When you're depressed, muscle aches in your legs and feet can seem to come out of nowhere. They may not be related to any known injury or strain, and certainly need medical evaluation.
But depression and physical pain are closely related. Depression makes us more aware of vague aches and pains we would otherwise not notice. It also intensifies the feeling of pain and discomfort.
Could your muscle aches be related to depression? One way to find out is to keep a symptom diary. Print out this symptom...
Taking action early can help you fend off these winter depression symptoms. Experts believe that SAD stems from a body clock that's out of synch and is associated with the lack of natural sunlight.
Here’s a winter game plan to keep depression at bay, or lessen its effect, this season.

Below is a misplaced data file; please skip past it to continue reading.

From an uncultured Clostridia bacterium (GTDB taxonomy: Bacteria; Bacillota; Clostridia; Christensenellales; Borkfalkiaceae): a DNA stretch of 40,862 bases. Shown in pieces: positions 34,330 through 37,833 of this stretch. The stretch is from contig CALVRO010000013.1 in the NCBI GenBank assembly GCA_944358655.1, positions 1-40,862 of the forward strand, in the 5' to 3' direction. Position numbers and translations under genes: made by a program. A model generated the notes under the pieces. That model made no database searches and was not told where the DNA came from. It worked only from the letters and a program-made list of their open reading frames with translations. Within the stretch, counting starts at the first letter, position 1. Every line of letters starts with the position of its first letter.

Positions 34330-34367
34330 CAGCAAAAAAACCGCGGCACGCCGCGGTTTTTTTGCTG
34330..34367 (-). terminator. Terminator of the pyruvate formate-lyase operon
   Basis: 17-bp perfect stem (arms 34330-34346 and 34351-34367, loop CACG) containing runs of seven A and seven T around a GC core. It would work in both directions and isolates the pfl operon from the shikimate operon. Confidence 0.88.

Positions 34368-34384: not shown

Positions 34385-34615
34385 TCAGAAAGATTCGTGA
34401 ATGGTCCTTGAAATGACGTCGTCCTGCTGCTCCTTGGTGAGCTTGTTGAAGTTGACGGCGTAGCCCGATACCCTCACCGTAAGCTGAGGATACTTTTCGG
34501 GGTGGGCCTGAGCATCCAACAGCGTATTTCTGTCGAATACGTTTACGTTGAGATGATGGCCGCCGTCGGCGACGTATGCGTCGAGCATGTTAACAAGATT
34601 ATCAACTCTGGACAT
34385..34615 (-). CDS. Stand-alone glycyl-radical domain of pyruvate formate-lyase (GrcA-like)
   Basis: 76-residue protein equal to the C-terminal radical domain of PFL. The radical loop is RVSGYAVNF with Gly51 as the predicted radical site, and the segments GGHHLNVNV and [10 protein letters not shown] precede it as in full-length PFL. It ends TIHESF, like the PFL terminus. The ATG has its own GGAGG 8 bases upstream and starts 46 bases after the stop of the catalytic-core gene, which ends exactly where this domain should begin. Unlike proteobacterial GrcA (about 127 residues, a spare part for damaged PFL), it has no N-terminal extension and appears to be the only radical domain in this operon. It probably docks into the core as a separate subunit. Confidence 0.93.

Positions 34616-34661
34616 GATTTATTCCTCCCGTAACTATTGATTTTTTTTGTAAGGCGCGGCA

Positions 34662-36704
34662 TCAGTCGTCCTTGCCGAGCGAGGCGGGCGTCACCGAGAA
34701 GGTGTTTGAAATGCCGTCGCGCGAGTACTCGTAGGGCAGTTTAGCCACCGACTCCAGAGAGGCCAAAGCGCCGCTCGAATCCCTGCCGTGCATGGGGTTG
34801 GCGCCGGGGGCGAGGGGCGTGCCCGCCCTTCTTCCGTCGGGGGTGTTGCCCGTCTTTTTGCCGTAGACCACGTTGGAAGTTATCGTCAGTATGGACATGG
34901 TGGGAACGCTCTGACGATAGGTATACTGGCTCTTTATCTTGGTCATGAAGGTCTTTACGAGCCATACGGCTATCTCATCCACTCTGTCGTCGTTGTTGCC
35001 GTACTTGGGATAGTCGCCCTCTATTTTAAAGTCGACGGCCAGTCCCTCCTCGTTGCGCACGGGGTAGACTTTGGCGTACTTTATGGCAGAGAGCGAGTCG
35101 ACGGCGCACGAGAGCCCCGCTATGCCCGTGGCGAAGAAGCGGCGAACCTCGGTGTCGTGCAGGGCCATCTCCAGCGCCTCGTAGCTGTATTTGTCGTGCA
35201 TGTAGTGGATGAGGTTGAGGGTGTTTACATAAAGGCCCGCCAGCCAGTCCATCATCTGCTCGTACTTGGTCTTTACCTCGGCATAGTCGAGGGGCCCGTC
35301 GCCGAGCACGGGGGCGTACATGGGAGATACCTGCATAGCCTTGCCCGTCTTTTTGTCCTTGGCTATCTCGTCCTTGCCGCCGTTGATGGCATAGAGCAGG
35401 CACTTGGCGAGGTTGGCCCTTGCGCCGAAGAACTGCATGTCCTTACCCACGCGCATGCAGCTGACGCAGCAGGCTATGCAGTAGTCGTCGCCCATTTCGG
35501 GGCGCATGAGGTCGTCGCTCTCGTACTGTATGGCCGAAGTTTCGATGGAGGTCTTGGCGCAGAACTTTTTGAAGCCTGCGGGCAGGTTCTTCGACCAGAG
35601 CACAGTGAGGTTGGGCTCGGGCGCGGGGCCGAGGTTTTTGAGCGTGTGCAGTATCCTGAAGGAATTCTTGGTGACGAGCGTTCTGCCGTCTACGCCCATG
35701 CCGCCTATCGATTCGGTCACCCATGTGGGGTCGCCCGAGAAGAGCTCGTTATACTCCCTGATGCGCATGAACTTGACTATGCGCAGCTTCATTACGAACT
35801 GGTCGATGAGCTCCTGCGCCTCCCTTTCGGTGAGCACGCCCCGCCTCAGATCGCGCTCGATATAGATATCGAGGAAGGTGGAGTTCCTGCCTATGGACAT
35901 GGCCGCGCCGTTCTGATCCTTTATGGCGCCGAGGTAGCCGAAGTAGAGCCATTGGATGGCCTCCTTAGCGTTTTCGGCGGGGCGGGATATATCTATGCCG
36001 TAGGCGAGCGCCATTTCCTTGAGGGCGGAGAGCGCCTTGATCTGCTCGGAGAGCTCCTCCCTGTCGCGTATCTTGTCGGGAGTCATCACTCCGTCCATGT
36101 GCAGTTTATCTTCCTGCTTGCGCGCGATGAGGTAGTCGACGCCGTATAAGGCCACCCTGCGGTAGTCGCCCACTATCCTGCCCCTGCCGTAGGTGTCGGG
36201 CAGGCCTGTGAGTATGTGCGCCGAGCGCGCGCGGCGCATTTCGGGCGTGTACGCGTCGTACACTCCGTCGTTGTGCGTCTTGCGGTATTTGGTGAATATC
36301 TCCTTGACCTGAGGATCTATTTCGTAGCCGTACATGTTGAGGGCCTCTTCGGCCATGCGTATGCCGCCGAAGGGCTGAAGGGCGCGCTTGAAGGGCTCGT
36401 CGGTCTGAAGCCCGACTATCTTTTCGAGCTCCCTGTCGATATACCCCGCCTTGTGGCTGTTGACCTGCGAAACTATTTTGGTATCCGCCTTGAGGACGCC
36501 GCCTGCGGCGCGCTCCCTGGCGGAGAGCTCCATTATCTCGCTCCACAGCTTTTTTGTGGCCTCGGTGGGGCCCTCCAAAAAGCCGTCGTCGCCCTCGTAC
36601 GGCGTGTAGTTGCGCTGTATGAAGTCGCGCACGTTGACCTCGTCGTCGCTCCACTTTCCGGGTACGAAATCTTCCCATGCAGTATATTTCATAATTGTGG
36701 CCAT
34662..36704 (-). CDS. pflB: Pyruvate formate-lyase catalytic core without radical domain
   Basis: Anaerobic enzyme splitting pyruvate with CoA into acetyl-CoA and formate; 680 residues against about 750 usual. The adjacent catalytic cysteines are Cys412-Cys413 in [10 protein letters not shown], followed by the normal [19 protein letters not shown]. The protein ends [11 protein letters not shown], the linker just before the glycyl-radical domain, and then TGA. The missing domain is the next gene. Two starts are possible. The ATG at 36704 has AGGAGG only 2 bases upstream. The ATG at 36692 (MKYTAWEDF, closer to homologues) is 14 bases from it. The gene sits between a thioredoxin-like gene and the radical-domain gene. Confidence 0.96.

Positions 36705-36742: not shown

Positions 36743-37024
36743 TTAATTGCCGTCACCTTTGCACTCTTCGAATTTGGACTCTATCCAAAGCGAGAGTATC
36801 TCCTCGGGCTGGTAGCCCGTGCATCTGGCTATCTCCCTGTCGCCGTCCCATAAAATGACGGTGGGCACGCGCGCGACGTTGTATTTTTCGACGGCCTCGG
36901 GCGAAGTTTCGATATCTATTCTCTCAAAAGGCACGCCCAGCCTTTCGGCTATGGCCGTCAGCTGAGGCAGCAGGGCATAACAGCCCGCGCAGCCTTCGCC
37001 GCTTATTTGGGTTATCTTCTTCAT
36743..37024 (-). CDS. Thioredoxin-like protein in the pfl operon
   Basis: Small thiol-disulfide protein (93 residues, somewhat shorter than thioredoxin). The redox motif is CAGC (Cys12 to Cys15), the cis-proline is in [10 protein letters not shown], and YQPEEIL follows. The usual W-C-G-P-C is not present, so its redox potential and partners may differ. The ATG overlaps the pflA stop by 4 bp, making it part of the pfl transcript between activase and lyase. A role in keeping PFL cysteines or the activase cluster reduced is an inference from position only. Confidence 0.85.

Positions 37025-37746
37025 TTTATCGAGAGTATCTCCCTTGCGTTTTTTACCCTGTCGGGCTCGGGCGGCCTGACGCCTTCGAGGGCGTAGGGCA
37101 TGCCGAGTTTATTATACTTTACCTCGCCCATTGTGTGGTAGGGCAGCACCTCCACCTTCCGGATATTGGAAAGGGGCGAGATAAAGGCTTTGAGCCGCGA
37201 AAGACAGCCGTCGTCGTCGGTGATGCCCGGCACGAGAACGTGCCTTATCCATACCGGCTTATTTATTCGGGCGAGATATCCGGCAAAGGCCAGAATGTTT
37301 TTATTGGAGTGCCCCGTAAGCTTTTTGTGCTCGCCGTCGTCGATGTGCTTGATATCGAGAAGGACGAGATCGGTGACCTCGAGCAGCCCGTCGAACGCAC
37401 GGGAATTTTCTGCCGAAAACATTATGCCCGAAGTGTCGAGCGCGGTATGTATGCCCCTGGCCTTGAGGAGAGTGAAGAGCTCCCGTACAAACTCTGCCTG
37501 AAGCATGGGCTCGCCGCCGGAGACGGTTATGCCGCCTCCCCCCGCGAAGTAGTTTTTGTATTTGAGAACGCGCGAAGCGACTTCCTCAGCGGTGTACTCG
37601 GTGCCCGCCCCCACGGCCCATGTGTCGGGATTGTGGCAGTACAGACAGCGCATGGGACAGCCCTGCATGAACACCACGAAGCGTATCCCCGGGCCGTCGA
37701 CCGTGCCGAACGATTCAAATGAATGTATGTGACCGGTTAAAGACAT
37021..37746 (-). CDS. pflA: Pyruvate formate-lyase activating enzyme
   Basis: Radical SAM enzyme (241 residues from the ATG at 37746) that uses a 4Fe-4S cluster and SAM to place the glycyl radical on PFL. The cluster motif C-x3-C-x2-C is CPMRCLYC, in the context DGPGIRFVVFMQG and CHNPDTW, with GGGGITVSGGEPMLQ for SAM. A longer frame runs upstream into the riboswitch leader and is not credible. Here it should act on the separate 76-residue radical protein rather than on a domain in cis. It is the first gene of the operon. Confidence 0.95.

If You Suffer Winter Depression, Check In With Your Doctor
Start your "game plan" as soon as you notice the first symptoms of worsening depression, suggests Norman Rosenthal, MD, the leader of the research team that first identified SAD in 1984 and author of Winter Blues.
Checking in with your doctor is a good first step, he says. That way, you and your doctor can alter your treatment if you’re already being treated, or tailor a new treatment plan based on your needs.
Know Your Treatment Options for Depression in Winter
Several treatments have been shown to improve seasonal winter depression. Among them: light therapy, antidepressantmedication, talk therapy, and the hormone melatonin.
"People need to mix and match and figure out what works for them," says Rosenthal, a clinical professor of psychiatry at Georgetown University, Washington, D.C. and a psychiatrist in private practice.
See the Light to Ease Winter Depression Symptoms
Light therapy might be as simple as getting up early and walking outside on a bright winter morning, Rosenthal tells WebMD. "You can also increase light in your home," he says "Make one room a sun room."